Qantas Tour of NZ 2018

Carey not taking rapid rise for granted

Emerging gloveman pressing his case to be Australia’s permanent T20 wicketkeeper and giving selectors plenty to ponder

Louis Cameron, in Melbourne

13 February 2018, 05:36 PM

Carey reflects on start of international career

Alex Carey concedes he's still coming to grips with his rise from back-up state wicketkeeper to one of the most intriguing prospects in Australian cricket.

Fresh off a starring role in the Adelaide Strikers KFC Big Bash League title triumph, Carey has slotted in seamlessly behind the stumps in Australia's unbeaten start to their Gillette T20 tri-series against New Zealand and England.

At the beginning of this summer, the South Australian had just one T20 match to his name, one full JLT Sheffield Shield season under his belt and was seemingly behind the likes of Matthew Wade, Peter Nevill and, although few knew it, Tim Paine in the national wicketkeeping pecking order for all three formats.

Ponting presents Carey, Short with T20I caps

Now, after Paine's equally remarkable ascension to the Test and ODI posts, Carey appears the confirmed gloveman-in-waiting in at least the two shorter formats and is undoubtedly around the mark as the back-up for the Test side.

The left-hander struck 443 runs at a tick under 50 in BBL|07, the most prolific run-scoring Big Bash campaign by a keeper, and in December notched his maiden first-class century after breaking the all-time Sheffield Shield single-season dismissals record the season prior.

Best of the Big Bash League: Alex Carey

"It's all happened pretty quickly," Carey said ahead of Australia's departure for Auckland, where they face New Zealand in their final group-stage game of their tri-series on Friday.

"You sit back and pinch yourself, it's all very exciting, hopefully it's just a start. But at the moment it’s a really good feeling.

"I felt like I've worked really hard the last couple of years to get where I want to be but I've still got a long way to go.

"I've loved it. It's a dream come true playing for my country."

Aussie T20 squad sizzle reel: Alex Carey

While Paine sealed his spot in the Test and ODI sides following a tidy summer both behind the stumps and with the bat, Carey’s dominant BBL campaign and assured start to his international career will have selectors pondering who to entrust with the gloves long-term in the shortest format.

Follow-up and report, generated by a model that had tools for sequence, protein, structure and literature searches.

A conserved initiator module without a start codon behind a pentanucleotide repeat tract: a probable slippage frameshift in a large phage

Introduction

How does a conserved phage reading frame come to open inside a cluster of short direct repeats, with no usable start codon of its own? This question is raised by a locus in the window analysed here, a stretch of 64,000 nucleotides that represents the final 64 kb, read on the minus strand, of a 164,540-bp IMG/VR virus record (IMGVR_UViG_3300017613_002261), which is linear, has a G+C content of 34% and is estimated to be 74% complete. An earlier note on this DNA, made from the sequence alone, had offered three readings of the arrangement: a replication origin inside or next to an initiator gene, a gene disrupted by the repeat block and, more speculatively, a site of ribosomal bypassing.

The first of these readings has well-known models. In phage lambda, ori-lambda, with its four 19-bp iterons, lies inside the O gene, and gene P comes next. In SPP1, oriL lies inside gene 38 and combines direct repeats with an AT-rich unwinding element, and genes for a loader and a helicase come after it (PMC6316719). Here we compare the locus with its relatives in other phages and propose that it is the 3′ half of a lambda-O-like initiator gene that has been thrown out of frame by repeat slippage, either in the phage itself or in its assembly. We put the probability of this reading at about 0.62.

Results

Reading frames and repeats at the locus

Paine will be weeks out from his 36th birthday when the final of the next World T20 is held in November 2020. Although seniority has proved a virtue rather than a hindrance in T20 cricket, keeping in all three formats over the next few years will be a gruelling physical task and Australia will be mindful of helping Paine ward off another serious finger injury.

Carey, six-and-a-half years Paine's junior, isn't looking too far into the distance. 

"I don't think (I'm) comfortable, you're never really comfortable," he said. 

"I'm sure there's going to be some more T20 (International) cricket but I don't know how that looks … leading into series. Let's finish this series off well and just take it series by series. 

"T20 cricket is really strong in Australia and it's only getting better with the Big Bash and guys getting picked up in the IPL. We've got some fantastic short form players."

Carey crunches rapid century for the Strikers

Carey has only been required once so far this series with the bat, but his efforts proved vital in helping Glenn Maxwell reach a rare T20 century in Hobart last week.

Needing two to win with 12 balls left, Carey found himself being urged by Maxwell – on 97 – to end the game without concern for his teammate's milestone. Carey ignored him and says Maxwell's grateful gesture in the days after his second T20I hundred highlights the strong camaraderie of the makeshift squad.

"He said 'finish the game off, I'm cooked, I can't swing my bat anymore'," Carey recounted with a smile.

"I was like, 'yeah no worries mate, I'll do it for you.' But I was never going to hit a two. 

"Then he went down to Kookaburra and he sent me message saying, 'do you want me to pick you out a new bat?' I said, 'yeah, that'd be great.' 

"I got to training and he lobbed in with this thing, I thought the bat was pretty average but the writing on it was awesome. 

 
@gmaxi_32 😂#2tone #belta #legend @kookaburracricketaus @kookabatcave A post shared by Alex Carey (@alexcarey_5) on

"It was a nice gesture of 'Maxi' and I think that just shows that the group's really close, we're having a lot of fun at the moment. 

"Winning is helping that but even if we're (weren't), the group's really excited, really close and for someone like Maxi to do that for a guy like me in a short space of time just shows that we've got some really good blokes in the side."

Trans-Tasman T20 Tri-Series

First T20I Australia beat New Zealand by seven wickets. Scorecard

Second T20I Australia beat England by five wickets. Scorecard

Third T20I Australia beat England by seven wickets. Scorecard

Fourth T20I New Zealand beat England by 12 runs. Scorecard

Fifth T20I NZ v Australia, Eden Park, February 16

Sixth T20I NZ v England, Seddon Park, February 18

Final TBC, Eden Park, February 21

Australia squad: David Warner (c), Aaron Finch (vc), Ashton Agar, Alex Carey, Ben Dwarshuis, Travis Head, Chris Lynn, Glenn Maxwell, Kane Richardson, D'Arcy Short, Billy Stanlake, Marcus Stoinis, Andrew Tye, Adam Zampa.

England squad: Eoin Morgan (c), Sam Billings, Jos Buttler, Sam Curran, Tom Curran, Liam Dawson, Alex Hales, Chris Jordan, Dawid Malan, Liam Plunkett, Adil Rashid, Jason Roy, Ben Stokes, James Vince, David Willey, Mark Wood.

New Zealand squad: Kane Williamson (c), Tom Blundell, Trent Boult, Tom Bruce, Colin de Grandhomme, Martin Guptill, Anaru Kitchen, Colin Munro, Seth Rance, Mitchell Santner, Ish Sodhi, Tim Southee, Ross Taylor, Ben Wheeler.